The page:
service announcements and coming events free of charge. news
deadline is Monday at 6 p.m. by the week you would like your
information to be printed. Information can be sent via email,
fax, brought into our office or mailed in. Please be sure to
include the 5W's who, what, when, where, why and you must
include a contact number.
Email JFreePress@aol.com Fax (904) 765-3803
Mail: Coming Events Jacksonville Free Press
903 W. Edgewood Ave. Jacksonville, FL 32203

II I I' ~


-Ban quets

Scholarship and Student of the Year
Award Banquet. The annual event
will be on Saturday, October 13th
at the Omni Hotel starting at 7 p.m.
Keynoting the event will be motiva-
tional speaker, author and entrepre-
neur Dr. Calvin Mackie. For tickets
or more information, call 924-2545
or email pinnix.l@comcast.net.

Ashford & Simpson
at the Ritz Theater
Grammy Award winning artists
and Motown originals, husband and
wife duo Ashford & Simpson will
be in concert for one night only at
the Ritz Theater. The concert will
be held on Saturday, October 13th
at 8 p.m. For tickets call 632-5555.

National College Fair
FCCJ will host the National
College Fair of Jacksonville on
Saturday, October 13th from 9
a.m. 1 p.m. at the Prime Osborn
Convention Center. Admission is
free. The fair will include represen-
tatives of over 100 colleges and uni-
versities, sessions on college plan-
ning, financial aid and college test-
ing. Students are encouraged to
bring their transcripts for on the
spot scholarships. For more info
visit www.jaxcollegefair.com.

The Faith Club
Onejax will present an intimate
discussion with the authors of the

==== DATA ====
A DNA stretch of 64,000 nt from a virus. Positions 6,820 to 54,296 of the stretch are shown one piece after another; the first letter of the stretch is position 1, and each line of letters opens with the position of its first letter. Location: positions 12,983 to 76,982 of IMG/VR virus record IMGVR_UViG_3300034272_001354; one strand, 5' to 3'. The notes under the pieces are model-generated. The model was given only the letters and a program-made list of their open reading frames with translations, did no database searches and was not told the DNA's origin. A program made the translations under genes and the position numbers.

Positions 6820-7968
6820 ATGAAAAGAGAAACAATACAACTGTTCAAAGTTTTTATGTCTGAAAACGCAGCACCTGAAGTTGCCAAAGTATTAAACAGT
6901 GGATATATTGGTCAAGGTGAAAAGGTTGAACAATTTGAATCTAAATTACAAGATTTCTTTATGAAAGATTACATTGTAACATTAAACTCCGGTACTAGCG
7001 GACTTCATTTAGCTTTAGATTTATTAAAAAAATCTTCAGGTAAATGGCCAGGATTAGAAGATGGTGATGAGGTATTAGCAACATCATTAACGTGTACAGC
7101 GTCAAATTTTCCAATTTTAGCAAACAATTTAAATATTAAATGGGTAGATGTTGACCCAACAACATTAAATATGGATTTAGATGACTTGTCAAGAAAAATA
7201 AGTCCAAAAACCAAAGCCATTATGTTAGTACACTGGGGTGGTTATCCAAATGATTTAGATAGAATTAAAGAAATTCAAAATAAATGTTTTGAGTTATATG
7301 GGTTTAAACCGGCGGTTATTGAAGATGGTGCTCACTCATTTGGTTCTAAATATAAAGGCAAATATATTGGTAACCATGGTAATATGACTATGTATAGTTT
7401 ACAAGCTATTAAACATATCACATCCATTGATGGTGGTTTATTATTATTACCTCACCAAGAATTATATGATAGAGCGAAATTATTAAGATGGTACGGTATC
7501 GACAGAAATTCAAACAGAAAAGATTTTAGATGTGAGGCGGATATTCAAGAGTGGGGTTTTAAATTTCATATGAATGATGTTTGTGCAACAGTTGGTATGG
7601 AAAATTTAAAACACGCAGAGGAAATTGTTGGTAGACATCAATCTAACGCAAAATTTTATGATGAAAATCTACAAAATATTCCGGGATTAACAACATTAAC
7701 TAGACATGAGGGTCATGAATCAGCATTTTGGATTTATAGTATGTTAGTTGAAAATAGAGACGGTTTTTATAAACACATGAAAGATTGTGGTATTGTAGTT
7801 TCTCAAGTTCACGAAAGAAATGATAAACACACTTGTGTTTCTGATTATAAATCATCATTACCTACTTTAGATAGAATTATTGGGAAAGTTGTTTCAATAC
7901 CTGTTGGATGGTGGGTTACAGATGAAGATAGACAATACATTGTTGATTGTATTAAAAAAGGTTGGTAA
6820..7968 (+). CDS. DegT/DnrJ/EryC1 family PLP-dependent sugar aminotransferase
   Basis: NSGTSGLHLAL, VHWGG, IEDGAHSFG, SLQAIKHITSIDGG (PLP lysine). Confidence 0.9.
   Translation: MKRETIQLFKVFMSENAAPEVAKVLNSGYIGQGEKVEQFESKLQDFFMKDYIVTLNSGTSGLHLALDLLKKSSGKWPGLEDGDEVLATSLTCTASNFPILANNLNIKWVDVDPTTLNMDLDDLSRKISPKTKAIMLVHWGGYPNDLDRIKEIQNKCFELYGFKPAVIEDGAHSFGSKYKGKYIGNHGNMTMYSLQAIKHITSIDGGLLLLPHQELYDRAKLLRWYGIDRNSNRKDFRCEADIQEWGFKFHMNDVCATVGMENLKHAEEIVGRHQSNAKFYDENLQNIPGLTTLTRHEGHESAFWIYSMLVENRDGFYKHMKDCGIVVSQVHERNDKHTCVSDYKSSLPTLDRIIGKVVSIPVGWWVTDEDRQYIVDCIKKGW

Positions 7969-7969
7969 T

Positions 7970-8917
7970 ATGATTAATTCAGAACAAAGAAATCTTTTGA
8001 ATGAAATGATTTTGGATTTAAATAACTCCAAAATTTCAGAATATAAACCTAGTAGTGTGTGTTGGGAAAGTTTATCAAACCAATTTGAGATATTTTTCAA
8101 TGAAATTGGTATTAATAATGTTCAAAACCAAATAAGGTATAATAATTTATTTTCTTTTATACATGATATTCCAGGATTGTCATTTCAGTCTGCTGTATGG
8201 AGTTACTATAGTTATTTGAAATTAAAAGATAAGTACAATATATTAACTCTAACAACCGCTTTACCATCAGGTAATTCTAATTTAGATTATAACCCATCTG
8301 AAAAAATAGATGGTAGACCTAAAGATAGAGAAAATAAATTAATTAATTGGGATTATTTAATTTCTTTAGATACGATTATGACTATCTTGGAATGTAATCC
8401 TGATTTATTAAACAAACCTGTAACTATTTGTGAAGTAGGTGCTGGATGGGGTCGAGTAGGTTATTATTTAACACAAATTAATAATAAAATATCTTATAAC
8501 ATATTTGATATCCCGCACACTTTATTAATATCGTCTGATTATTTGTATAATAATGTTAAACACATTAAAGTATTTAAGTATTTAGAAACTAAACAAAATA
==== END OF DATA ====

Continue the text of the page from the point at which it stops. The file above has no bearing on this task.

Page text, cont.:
New York Times Bestseller The
Faith Club. Three mothers from
three faiths Islam, Christianity,
and Judaism got together to write
a picture book for their children
highlighting the connections
between their religions. Their dia-
logue led to provocative, honest,
and candid discussions ultimately,
resulting in increased respect and
appreciation for the things that each
holds dearest. The event will be
held at FCCJ Kent Campus
Auditorium on Tuesday, October
16th at 6 p.m. RSVP's are appreci-
ated at 354-lJAX (1529).

Ritz Black Broadway
The Ritz Theater will present
Sophisticated Ladies Music of the
great Duke Ellington. The special
performance will be held on
Saturday, October 20th at 8:00 pm.
Tickets $28.50. Call 632-5555.

Genealogical Meeting
The Jacksonville Genealogical
Society will hold their monthly
meeting October 20, 2007 at 1:30
p.m. at the Webb-Wesconnett
Branch Library, 6887 103rd St.,
Jacksonville, Fl. We are very
pleased to have as our speaker, Mr.
Claude W. Bass, III, who has oper-
ated the Clay County Archives and
Historical Resource Center for the
past seven years. His topic will be
"The People of and Visitors to Clay
County, 1800's till...". For addition-
al information please contact Mary
Chauncey at (904)781-9300.

Natalie Cole
in Concert
The UNF Fine Arts Series will
present Natalie Cole on Saturday,
October 20th at 7:30 pm. Call 620-
1921 for tickets.

Jax Urban League
60th Anniversary Gala
The Jacksonville Urban League
will have their official 60th anniver-
sary celebration on Saturday,
October 20th at the Hyatt
Riverfront Hotel. This black tie
affair will feature delectable cui-
sine, dazzling era designs, popular
vocalists, and live entertainment.
The Equal Opportunity Awards
recipients will also be presented
during the gala. For information
contact Mrs. Finley at 366-3461.

Caring Chefs
Children's Home Society's 24th
Annual Caring Chefs will be
Sunday, Oct. 21, 7-9:30 p.m. at
The Avenues Mall. Caring Chefs is
the original food-tasting event in
Northeast Florida and remains the
biggest raising more than $2 mil-
lion for Children's Home Society of
Florida (CHS) Each year sell-out
crowds of more than 2,000 sample
some of the finest cuisine from
more than 50 of the best restaurants
on the First Coast. For tickets, call
Nanette Vallejos at 493-7739.

Black Professionals
The UNF Division of Continuing
Education will host the 6th Annual
African-American Professionals
Conference at the University Center
on Thursday November 1st, 7:30
a.m. 5 p.m. The focus of this con-
ference is to provide topics impor-
tant to professional and personal
growth. Sessions will be presented
by knowledgable experts with pres-
entation skills to actively engage
you in a dynamic learning experi-
ence. For more info or to register
for this event,call 620-4200.

Clara White Mission's
Pearls & Cufflinks Gala
Celebrating 103 years of commu-
nity service and the 131st Birthday
of founder Dr. Eartha M. M. White.